Using I2C for SMBus device communications


#64

@ScruffR here is the statement calling readStringB()

 int BQ20Z45::SafetyAlert(char *result)
{
 
	return readStringB(BQ20Z45_SafetyAlert, result, 4);
} 

and the function calling that function from the main loop is this:

bms.SafetyAlert(strBuffer);
Serial.println(strBuffer);

@pra I’m not clear on what changes you want me to make before doing a new LA graph?

The return from the code above is this:

I tried changing quite a few things around but non of them return correctly.

I do have a email out to the guy who does have this working that I found on the TI forum. I’m hoping he can share his code since it should give us some insight to what he is actually doing.


#65

@RWB,

I didn’t suggest you make changes. What I want to see is the Logic Analyzer graph output when you run this so I can verify that a I2C restart read is happening, as the data returned is systematic to a start rather than a restart being performed.

Peter


#66

@Pra @Scruff Here is the LA graph when I run the code:

That happens when I run this code sequence:

1st Function Call from main loop:

 bms.SafetyAlert(strBuffer);

That calls this function:

 int BQ20Z45::SafetyAlert(char *result)
{
 
	return readStringB(BQ20Z45_SafetyAlert, result, 4);
}

And that function calls this function:

int BQ20Z45::readStringB(uint8_t address, char* result, int len)
{
	int pos = 0;
	int newlen;

        // Initiate a manufacturer_block_Read
	Wire.beginTransmission(BQ20Z45_Address);
	Wire.write(0x44);
	Wire.write(0x02);
	Wire.write(address);
	Wire.write(0x00);

	Wire.endTransmission(false);
	 newlen = Wire.requestFrom(BQ20Z45_Address, len + 1,true);
	Wire.read();
	if (newlen > 0)
	{
                newlen--;
                Wire.read();
		for (pos = 0; pos < newlen; pos++)
			result[pos] = Wire.read();
	}
	result[pos] = '\0';  // append the zero terminator

	return newlen;
}

#67

Ryan,

That is not a graph. Here is a link to one you posted earlier, so I know you know how to do this


#68

@pra, @RWB I wonder if we should not change the title of this topic since it is really focused on an adaptation of I2C to talk to SMBus devices. Perhaps “Using I2C for SMBus device communications”?


#69

@peekay123 Yea I was thinking the same thing. I changed it.


#70

@pra Here ya go.

Also in the Manufacturer Block Access read function code above I had added a Wire.read(); to the code while I was attempting to try to get the proper return. This added Wire.read(); right after this line newlen = Wire.requestFrom(BQ20Z45_Address, len + 1,true); . Thecode was left when I pasted the following function code above.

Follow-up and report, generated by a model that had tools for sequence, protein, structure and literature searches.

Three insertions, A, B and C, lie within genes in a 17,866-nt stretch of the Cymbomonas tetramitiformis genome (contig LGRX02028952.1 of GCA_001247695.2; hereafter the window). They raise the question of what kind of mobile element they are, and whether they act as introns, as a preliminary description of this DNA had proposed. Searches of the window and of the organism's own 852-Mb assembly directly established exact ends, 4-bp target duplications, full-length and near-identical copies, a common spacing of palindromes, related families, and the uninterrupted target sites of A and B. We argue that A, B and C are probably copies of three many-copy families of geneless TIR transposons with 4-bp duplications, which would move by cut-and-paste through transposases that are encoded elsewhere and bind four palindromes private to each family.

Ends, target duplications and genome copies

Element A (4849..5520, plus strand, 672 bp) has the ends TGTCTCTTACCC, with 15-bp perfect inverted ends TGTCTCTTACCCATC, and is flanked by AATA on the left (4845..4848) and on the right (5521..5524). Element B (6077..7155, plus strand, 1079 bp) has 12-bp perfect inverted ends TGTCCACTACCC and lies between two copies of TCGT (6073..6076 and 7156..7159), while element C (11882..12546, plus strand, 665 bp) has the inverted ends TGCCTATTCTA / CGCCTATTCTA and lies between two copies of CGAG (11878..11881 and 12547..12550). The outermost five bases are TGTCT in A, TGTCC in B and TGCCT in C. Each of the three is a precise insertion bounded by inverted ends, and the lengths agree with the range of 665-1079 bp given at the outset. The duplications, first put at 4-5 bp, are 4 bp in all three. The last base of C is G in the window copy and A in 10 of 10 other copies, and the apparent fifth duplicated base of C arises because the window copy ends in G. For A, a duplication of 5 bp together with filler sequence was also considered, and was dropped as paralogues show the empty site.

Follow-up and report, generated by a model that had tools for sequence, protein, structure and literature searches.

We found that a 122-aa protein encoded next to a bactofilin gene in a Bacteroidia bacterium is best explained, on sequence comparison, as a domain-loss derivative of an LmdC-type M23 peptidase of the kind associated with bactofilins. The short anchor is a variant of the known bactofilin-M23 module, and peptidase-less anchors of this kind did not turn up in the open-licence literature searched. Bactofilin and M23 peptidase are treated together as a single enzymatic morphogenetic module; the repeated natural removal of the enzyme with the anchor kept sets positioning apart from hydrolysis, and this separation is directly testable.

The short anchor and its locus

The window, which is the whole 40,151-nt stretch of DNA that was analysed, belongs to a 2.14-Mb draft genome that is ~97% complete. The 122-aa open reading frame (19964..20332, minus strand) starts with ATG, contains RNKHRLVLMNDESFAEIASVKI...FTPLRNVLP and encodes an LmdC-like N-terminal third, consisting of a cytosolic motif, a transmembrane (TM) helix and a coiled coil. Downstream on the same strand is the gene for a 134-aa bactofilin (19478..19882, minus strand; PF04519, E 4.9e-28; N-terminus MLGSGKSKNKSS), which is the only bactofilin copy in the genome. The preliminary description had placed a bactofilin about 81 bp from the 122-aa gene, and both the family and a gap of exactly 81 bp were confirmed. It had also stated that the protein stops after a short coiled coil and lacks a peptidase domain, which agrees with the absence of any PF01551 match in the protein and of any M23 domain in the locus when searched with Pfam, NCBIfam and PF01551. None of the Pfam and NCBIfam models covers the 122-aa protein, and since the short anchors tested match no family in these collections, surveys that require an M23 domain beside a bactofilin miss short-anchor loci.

int BQ20Z45::readStringB(uint8_t address, char* result, int len)
{
	int pos = 0;
	int newlen;

        // Initiate a manufacturer_block_Read
	Wire.beginTransmission(BQ20Z45_Address);
	Wire.write(0x44);
	Wire.write(0x02);
	Wire.write(address);
	Wire.write(0x00);

	Wire.endTransmission(false);
	 newlen = Wire.requestFrom(BQ20Z45_Address, len + 1,true);
	Wire.read();
	if (newlen > 0)
	{
                newlen--;
                Wire.read();
		for (pos = 0; pos < newlen; pos++)
			result[pos] = Wire.read();
	}
	result[pos] = '\0';  // append the zero terminator

	return newlen;
}

I have tried the your code and the code above and both return the same result.

Just for clarification here is a LA scan while running the above code with the added Wire.read(); eliminated after the newlen = Wire.requestFrom(BQ20Z45_Address, len + 1,true);

The returns are identical it looks like to me.


#71

Thanks.

Seems like a good transaction with an inappropriate response from the device. PEC is recommended for block process functions in the SMBus spec. I’m wondering whether TI has made it mandatory for the block write. They only talk about it being option on the word writes, and don’t mention block writes.

Try adding this after the last Wire.write and immediately before the Wire.endTransmission(false);

      Wire.write(ox60);

See if the results are different. If not, I think you need to look to the TI forums for help.


#72

@pra I tried it and the results are the exact same as when we didn’t add that in there.

I posted this on TI’s support forum about 20 mins ago. I also emailed a guy who has the code working so hopefully that will bring back some sort of feedback that is helpful.


#73

@pra

I made some progress today after some more searching on the TI’s forum.

I came across this post:

Notice that he says that his PC software sens MAC command 0x00 first and then the 0x0007.

So I changed the 0x44 I was using to 0x00 and it made a difference and it looks like this has solved the problem. Take a look and let me know what you think.

I changed the Mac Block Read Function to this:

int BQ20Z45::readStringB(uint8_t address, char* result, int len)
{
	int pos = 0;
	int newlen;

        // Initiate a manufacturer_block_Read
	Wire.beginTransmission(BQ20Z45_Address);
	Wire.write(0x00);
	Wire.write(0x02);
	Wire.write(address);
	Wire.write(0x00);
	
	Wire.endTransmission(false);
	
	 newlen = Wire.requestFrom(BQ20Z45_Address, len + 1,true);
	
	if (newlen > 0)